No, I am a stay at home mom and my husband works. I used to work, but the hours were really interfering with family life and my husband and I decided I was needed at home more. This has been a difficult decision, financially, but it has allowed me more time to write. I have a great husband! He helps out a lot around the house, even when I tell him, “Don’t do that, you work.”
I do a lot of my writing at night while everyone is asleep or during the day while the kids are at school and my son is sleeping. So far it is working out, even though I am losing a lot of sleep.
6.) Who are your writing influences?
Stephen King, which is really surprising. I have never been a huge fan, but I’ve read some of his books. I remember reading one of his short stories about a man who had been raped as a boy. The description was very vivid and hard to read. I thought, what kind of a mind writes something like that? Since I have been writing horror I have seen my writing progress and one of the stories I wrote really disturbed my daughter. She wanted to know how I could write something that had a child getting killed. I flashed back to King’s story and realized that I had the kind of mind that could write that.
I also am influenced by John Saul and Dean Koontz as well as Lee Child, even though he doesn’t write horror. Lee Child has developed a character with Jack Reacher that I can only hope to achieve someday.
Also, Frank Peretti and Ted Dekker. These are two Christian authors that write spiritual horror. I am a Christian and have a lot of faith in God, but people seem to think if you write horror that conflicts with your faith. I don’t agree.
7.) What scares you? Any silly phobias?
Something happening to my kids. That is really the only thing that scares me.
8.) Do you ever scare yourself while writing?
When I write horror that involves a child being hurt, it disturbs me. My series, Behind Closed Doors, is really hard to write because it is based on real life happenings. I’m behind on my next installment because it is leading up to something really bad and I don’t want to write it. I will though because I think it can help bring awareness to real life child abuse.
9.) How do you go about finding cover art?
My covers for The Wall and The Carnival I purchased from a royalty free site. I don’t think I am going to do that again. There’s a lot of good art on the web, but one picture I was thinking about for my Vampyre story I have seen on another book on kindle. I don’t want my books to be associated with someone else's work.
Sam was drawn by Rebecca Treadway in exchange for a free copy of The Wall and Sam. She is a really great artist and I may approach her sometime in the future for some more art. I recommend her to everyone that asks me about cover art.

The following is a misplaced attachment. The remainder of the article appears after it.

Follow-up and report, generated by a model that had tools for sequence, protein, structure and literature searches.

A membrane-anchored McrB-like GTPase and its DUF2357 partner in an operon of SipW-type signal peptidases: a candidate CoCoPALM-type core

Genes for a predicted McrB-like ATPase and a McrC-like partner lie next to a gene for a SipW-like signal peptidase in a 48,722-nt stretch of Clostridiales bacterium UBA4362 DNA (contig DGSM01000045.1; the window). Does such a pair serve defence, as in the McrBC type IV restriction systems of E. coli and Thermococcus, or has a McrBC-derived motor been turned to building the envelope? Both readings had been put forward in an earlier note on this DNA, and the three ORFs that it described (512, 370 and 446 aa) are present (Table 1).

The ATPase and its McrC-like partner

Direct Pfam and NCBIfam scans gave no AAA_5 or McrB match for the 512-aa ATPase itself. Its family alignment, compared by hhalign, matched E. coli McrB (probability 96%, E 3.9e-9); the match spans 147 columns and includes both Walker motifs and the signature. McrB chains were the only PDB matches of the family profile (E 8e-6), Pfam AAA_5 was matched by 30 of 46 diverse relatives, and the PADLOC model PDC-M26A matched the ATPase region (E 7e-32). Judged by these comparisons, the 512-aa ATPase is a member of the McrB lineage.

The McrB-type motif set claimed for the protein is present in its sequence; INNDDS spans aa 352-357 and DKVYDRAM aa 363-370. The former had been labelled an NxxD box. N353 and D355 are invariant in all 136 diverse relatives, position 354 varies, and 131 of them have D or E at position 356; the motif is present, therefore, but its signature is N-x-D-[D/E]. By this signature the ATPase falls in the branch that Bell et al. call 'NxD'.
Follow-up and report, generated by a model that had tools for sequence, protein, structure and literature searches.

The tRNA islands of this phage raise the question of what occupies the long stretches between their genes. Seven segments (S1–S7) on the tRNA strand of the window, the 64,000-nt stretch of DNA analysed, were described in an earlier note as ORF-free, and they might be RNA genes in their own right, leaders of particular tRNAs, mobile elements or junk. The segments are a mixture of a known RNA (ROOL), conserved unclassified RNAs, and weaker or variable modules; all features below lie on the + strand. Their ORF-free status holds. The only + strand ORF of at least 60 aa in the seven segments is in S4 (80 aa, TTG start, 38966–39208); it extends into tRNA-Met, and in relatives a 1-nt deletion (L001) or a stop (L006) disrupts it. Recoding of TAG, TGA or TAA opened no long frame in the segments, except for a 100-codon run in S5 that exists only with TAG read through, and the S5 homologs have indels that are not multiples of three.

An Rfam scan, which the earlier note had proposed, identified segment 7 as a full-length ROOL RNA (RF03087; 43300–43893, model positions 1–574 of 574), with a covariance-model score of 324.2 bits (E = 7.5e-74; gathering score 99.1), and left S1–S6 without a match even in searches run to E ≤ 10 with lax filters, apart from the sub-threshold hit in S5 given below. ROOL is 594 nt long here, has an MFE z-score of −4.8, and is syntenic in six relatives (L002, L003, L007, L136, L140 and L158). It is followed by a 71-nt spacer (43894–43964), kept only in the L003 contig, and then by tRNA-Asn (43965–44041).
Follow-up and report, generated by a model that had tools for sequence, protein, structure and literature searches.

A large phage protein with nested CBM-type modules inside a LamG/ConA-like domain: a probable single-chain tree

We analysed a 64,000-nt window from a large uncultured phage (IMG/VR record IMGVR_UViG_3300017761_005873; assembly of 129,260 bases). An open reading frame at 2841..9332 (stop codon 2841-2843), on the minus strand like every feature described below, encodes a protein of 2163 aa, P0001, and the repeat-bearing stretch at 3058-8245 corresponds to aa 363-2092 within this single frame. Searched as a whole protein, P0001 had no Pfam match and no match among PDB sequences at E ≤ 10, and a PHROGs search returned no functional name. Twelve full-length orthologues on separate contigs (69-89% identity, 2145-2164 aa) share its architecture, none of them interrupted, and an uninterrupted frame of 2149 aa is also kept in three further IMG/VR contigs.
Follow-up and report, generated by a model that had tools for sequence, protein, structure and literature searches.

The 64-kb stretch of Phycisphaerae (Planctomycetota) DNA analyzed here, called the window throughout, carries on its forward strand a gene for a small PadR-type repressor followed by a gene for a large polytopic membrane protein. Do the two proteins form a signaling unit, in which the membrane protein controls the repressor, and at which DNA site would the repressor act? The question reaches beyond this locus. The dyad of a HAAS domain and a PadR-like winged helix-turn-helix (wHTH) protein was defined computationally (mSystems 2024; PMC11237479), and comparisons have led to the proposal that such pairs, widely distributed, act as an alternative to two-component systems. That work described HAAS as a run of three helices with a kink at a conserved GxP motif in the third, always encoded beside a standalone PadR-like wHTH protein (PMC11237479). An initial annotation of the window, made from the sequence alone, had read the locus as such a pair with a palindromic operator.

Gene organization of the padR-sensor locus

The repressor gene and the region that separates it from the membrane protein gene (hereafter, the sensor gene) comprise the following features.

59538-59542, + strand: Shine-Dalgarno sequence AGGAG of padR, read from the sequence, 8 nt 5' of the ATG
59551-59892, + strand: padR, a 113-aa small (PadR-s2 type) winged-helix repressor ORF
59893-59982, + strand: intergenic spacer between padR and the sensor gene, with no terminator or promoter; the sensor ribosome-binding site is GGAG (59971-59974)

My daughter Sarah is also an artist and the cover for my dark poetry book, Hidden Secrets, Whispered Lies was her creation.
10) What advice would you give newbie writers?
Don’t give up. Writing is a very personal thing and sometimes criticism can seem like a direct attack. A writer needs to develop thick skin and learn to deal with it, sort through what is helpful and dispose of what is not.
Also find a support group. This is one of the things I love about the indie community. I have met so many great, supportive writers. Yes, every writer wants to succeed, but indie writers are all about helping each other out. I would suggest any horror writer join sites, like indiehorror like indiehorror.org, darkmediacity.com and the Masters Of Horror group on facebook. A lot of great people on all those sites.
I was born and raised in Lima, Ohio, (pronounced Lima with a long I, not Leema). I have been married, divorced and am remarried to a wonderful man. He writes too, though not as often as I do. I have four children, 3 girls, 1 boy, Rebecca, Sarah, Rylie and Caleb and a step son Aleks.
I do girl scouts with my youngest daughter. That is always fun and inspiring. Kids can be so much fun.
I am a trekkie. I don’t write sci fi, I’m no good at it, but I love Star Trek and other sci fi shows. But Star Trek has my heart and my husband and I enjoy embarrassing the kids with it.
My blog is Jezri's Nightmares.
All of my e books can be found on Amazon.com.
Or on Smashwords, (except for The Carnival) at Smashwords.
I'd like to thank Lisa for being here and sharing with us! And I encourage you to check out her blog and her work. Buy one of her works and let people know if you like it. I'd also like to thank all of you for stopping by! Please feel free to become a follower and stay a spell. I don't bite. Well...unless you ask nicely or the moon is full.
♥Spot (also known as Stacey Turner)